After having this recommended to me by my mother-in-law, for whom it is one of her favourite books, some time ago I was prompted to read it now as it was suggested (although not picked) for one of my book clubs. I came to it knowing quite a lot about it, that it was semi-autobiographical, about growing up in a strict religious household and coming to terms with their homosexuality, so I was interested to see how it panned out.
The plot is much as I described above. Jeanette grows up under the pervasive influence of her fundamentalist religious mother. For most of her childhood she is mostly content with her upbringing and believes she is destined for life as a missionary. However as she becomes aware of her lesbianism and starts to have relationships with other girls she finds herself rejected by the Church community and questioning the nature of her faith.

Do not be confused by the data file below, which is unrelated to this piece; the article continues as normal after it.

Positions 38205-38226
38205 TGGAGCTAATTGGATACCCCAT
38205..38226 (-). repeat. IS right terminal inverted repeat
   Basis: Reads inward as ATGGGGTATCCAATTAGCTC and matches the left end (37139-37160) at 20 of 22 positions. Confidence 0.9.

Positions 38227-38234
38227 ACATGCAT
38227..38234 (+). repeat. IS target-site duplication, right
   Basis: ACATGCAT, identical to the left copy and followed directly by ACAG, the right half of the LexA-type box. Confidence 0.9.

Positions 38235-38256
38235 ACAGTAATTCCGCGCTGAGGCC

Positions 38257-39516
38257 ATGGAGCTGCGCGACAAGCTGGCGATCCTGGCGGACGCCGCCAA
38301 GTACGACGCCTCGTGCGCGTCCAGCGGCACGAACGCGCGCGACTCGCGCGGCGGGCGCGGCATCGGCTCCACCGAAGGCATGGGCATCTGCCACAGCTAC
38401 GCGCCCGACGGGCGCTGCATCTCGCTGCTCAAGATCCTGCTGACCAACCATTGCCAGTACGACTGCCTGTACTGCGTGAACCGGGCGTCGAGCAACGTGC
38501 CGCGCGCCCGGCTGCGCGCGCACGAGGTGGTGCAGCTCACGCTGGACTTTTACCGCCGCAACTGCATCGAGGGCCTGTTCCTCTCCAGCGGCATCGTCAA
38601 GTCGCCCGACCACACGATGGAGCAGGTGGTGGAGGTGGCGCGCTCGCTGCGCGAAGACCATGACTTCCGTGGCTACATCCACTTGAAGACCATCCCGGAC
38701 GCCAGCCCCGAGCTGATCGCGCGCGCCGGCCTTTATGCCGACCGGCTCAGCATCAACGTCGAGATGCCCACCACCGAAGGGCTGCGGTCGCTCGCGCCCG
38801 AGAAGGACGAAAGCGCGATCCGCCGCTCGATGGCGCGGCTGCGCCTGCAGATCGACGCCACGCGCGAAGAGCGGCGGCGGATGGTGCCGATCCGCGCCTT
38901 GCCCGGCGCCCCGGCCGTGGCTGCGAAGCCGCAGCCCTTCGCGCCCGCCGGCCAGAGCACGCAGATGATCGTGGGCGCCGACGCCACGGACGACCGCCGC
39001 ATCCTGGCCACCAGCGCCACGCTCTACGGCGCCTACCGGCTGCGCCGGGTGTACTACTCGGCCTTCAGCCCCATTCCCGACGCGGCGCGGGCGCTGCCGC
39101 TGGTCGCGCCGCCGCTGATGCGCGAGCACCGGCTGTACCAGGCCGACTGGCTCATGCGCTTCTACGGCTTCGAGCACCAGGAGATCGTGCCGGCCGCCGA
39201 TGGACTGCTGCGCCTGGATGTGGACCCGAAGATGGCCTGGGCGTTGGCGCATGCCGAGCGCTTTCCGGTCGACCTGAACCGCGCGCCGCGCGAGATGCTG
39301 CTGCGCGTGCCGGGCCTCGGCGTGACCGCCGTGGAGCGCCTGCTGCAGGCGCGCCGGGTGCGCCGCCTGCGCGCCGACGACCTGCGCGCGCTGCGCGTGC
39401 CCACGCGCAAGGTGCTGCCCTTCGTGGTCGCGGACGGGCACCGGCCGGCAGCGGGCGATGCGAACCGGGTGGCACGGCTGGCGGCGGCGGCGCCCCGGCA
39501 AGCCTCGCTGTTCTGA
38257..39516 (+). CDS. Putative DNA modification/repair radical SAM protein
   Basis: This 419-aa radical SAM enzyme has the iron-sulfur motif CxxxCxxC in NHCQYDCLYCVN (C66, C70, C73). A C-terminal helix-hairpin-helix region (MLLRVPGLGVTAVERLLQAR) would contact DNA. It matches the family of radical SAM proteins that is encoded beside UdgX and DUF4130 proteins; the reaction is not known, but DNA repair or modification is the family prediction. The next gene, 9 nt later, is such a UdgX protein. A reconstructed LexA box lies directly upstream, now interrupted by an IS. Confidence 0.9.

The story is interspersed with myths and fairy tales which mirror aspects of Jeanette’s life and further develop some of the themes of the book such as the reconstruction of history and what is truth. Other ideas are more obvious and common, like the hypocrisy of religion, self-discovery and developing an individual identity, then reconciling this present or future self with your past. I was also interested by what it has to say about women and different sorts of female relationships. In fact, apart from the Pastor men in the novel are largely mute and have a very peripheral role.
Whilst they were intriguing, I found the “stories” a little distracting but only because I was so engrossed in Jeanette’s own story. There are funny moments, but on the whole I found it rather tragic. It’s beautifully written, clear yet still poetic, I finished it in just a couple if sittings.